Something you may not know about me is that I eat a mainly vegetarian diet. And not for any particular reason either, I just find myself living day in and day out without paying much mind to meat. I’m lucky to love nuts, seeds, beans, tofu, tempeh, and generally anything else that might make my mother cringe.
In fact, if it weren’t for this blog and my constant urge to diversify the dishes I share here, I wonder how often I’d buy and make chicken. I also wonder how many ways I’d try to squeeze cake into breakfast, snack, lunch, snack, dinner, snack, dessert. Did I mention snack?
Yes, I adore the succulence of a perfectly seared steak, the sweet smokiness of pulled pork, and the way lamb seems to melt on my tongue after a day of slow cooking, but I could go days, weeks, even months without ever really noticing that I’ve missed those tastes. And yes, last weekend I was over the moon to attend Cochon 555, essentially a massive heritage pork festival where I spent three hours eating everything from pork ravioli to pork belly sliders to bacon brittle gelato. And yes, even after hearing that it’s barely identifiable as ‘meat’, I’d still rather eat at Taco Bell than just about any other Mexican spot. Chalupas or bust.
But still. Those days and events are few.
I know that there are volumes to be written about the merits of going without meat even once a week. The impact on health, wealth, and the environment. But I’ll let others write those pages. Sometimes I wonder if we haven’t missed at least one aspect of the point behind letting go of meat-centricity. What if instead of praising our smaller carbon footprint and going easy on our arteries, we simply said, “Hey, did anyone realize that plant-based dishes can be different and absolutely delicious?” The point being that we don’t need to find the reason why we’re stepping out of the box, but instead the reason why we’ve limited our culinary creativity in the name of tradition. Not the why, but the why not?
I get that kobe beef will always taste as luscious as butter and that turkey, carved on Thanksgiving, will be nostalgically and physically satisfying. But the frontier for vegetable exploration is still fairly unsettled in my book. Who says lentils aren’t as lovable? Grilled portobello mushrooms as “mmm” inducing? Well, no one.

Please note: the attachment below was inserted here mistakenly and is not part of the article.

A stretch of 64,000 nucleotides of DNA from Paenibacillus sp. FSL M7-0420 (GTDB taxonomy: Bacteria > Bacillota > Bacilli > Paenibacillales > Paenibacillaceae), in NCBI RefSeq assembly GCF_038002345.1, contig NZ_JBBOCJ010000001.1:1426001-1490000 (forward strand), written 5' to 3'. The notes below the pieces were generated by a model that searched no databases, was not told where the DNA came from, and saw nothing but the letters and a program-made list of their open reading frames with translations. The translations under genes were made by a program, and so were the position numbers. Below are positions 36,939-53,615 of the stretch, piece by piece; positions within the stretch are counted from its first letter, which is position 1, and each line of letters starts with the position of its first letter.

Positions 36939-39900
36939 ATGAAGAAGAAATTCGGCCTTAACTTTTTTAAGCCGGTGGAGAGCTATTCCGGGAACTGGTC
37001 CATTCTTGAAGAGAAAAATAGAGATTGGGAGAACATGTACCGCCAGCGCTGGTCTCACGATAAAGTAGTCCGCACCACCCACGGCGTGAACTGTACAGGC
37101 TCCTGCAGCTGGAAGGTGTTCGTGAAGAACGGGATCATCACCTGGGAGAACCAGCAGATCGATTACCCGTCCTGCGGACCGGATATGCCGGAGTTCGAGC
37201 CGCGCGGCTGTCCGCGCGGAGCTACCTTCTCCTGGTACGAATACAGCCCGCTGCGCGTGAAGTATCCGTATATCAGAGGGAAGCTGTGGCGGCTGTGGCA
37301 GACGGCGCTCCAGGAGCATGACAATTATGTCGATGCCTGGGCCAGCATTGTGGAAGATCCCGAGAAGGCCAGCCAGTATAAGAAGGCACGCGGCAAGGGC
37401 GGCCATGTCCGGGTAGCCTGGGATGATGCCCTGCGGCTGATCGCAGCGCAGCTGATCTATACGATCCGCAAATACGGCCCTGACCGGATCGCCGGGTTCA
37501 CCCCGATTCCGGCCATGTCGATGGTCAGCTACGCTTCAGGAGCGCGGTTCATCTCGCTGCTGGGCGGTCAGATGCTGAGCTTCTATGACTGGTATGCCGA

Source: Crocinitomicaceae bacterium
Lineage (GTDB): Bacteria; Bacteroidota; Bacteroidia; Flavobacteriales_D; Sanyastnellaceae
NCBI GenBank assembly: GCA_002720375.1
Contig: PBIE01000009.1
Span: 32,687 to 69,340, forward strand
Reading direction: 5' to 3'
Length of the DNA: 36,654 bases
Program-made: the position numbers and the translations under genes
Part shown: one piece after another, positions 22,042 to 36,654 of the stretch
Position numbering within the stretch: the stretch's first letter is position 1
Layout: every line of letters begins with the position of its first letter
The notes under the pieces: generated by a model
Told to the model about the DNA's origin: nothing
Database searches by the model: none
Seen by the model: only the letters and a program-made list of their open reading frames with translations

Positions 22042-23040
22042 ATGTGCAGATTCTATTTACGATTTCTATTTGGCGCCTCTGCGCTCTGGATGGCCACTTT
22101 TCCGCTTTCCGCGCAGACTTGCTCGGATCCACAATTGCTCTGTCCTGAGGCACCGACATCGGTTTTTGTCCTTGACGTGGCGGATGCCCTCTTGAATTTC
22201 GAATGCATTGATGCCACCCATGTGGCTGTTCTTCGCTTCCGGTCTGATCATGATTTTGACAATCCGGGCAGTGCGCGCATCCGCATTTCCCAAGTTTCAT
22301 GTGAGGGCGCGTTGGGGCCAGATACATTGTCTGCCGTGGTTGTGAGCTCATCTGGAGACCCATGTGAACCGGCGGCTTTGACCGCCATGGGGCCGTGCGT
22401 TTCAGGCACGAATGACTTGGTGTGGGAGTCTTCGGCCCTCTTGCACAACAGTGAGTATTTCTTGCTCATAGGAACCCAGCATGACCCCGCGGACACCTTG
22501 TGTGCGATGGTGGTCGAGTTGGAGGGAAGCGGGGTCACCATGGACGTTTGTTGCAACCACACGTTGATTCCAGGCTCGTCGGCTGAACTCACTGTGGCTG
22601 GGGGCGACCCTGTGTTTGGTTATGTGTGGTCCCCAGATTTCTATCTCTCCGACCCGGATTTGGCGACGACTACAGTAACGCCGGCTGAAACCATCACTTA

I’ve experimented up a storm. A few failures of note. A few, “Let’s never try this again.” The hard part isn’t pleasing my palate, but the one belonging to my beloved, Daniel. Convincing him that tofu isn’t only a savory marshmallow has been grueling. Perhaps trickery was involved. A wink as I placed the top bun on our “burgers.” Fingers crossed behind my back while presenting a bowl of chili missing the carne. Whatever white lies I may or may not have told have been worthwhile. Our kitchen now is a much more adventurous place. And not just because I have a penchant for throwing pots and pans and swearing.
These enchiladas are a vegetarian meal that Daniel requests over and over again. He loves them and so do I, though my love for them has lots to do with how quick, cheap, and eeeaaassy they are. I hope Sandra Lee will forgive me for borrowing her branding here, but…these are semi-homemade and fabulous. Chunky rice and beans mixed with sweet bell peppers inside flour tortillas, smothered with salsa and melted cheese. Find something better than melted cheese and then call me. I’ll be waiting patiently by the phone.
A few recommendations: Never waste money or energy buying enchilada sauce, especially since salsa is a world tastier and more all-purpose. Also, buy a few packets of natural taco seasoning. And though I do love the one by Old El Paso, it’s got about a million and one foreign ingredients so I’d opt for Trader Joe’s version if you can. Otherwise, a little MSG never killed anyone. Well, it may have, and I just don’t know. Taco seasoning is great to have on hand in any case. Whip these up for your family and serve them with hot sauce and sour cream.
Dinner is served.
In a large bowl, mix 2 cups brown rice, a rinsed and drained can of black beans, 1 bag of defrosted tri-color peppers, 3/4 cup medium salsa, and 1 packet taco seasoning. I like to use taco seasoning packets from Trader Joe’s because they don’t contain 57 tablespoons of MSG and the ingredient list is short.
Divide the mixture among twelve 6″ flour tortillas. Roll each tortilla tightly around the filling and place them side by side in a greased 13×9″ baking dish, whose bottom has been coated with 1/2 cup of salsa.
Spread 1 1/4 cups medium salsa evenly over the top of the rolled tortillas, then sprinkle with 1 1/2 cups shredded Mexican blend cheese.
Bake for 18-20 minutes at 350 degrees F, until the cheese has melted.
These vegetarian black bean enchiladas couldn't be easier! Make them with frozen bell peppers, taco seasoning, and salsa!
- 12 6-inch flour tortillas (about 100 calories each)
- 2 cups cooked brown rice
- 1 15-ounce can black beans, rinsed and drained
- 1 16-ounce bag frozen bell pepper strips, cooked
- 1 packet taco seasoning
- 2 ¼ cups medium salsa, divided
- 1 ½ cups shredded Mexican blend cheese
- Preheat the oven to 350 degrees F. Spray a 13-by-9-inch baking dish with cooking spray and spread ½ cup of salsa over the bottom. Lay your tortillas out on a clean work surface.
- In a large bowl, mix the rice, beans, peppers, taco seasoning, and ¾ cup of the salsa. Divide evenly among the tortillas. Roll each tortilla tightly and place seam side down in the prepared baking dish. You may have to place some of the filled tortillas horizontally to make them fit. Pour the remaining 1 cup salsa evenly over the tops of the rolled tortillas in the baking dish. Sprinkle the cheese over the top. Bake for 18-20 minutes, until the cheese has melted. Serve with hot sauce and sour cream, if desired.
Nutrition Information: Calories 501, Fat 15g, Carb 72g, Fiber 10g, Sugars 5g, Protein 21g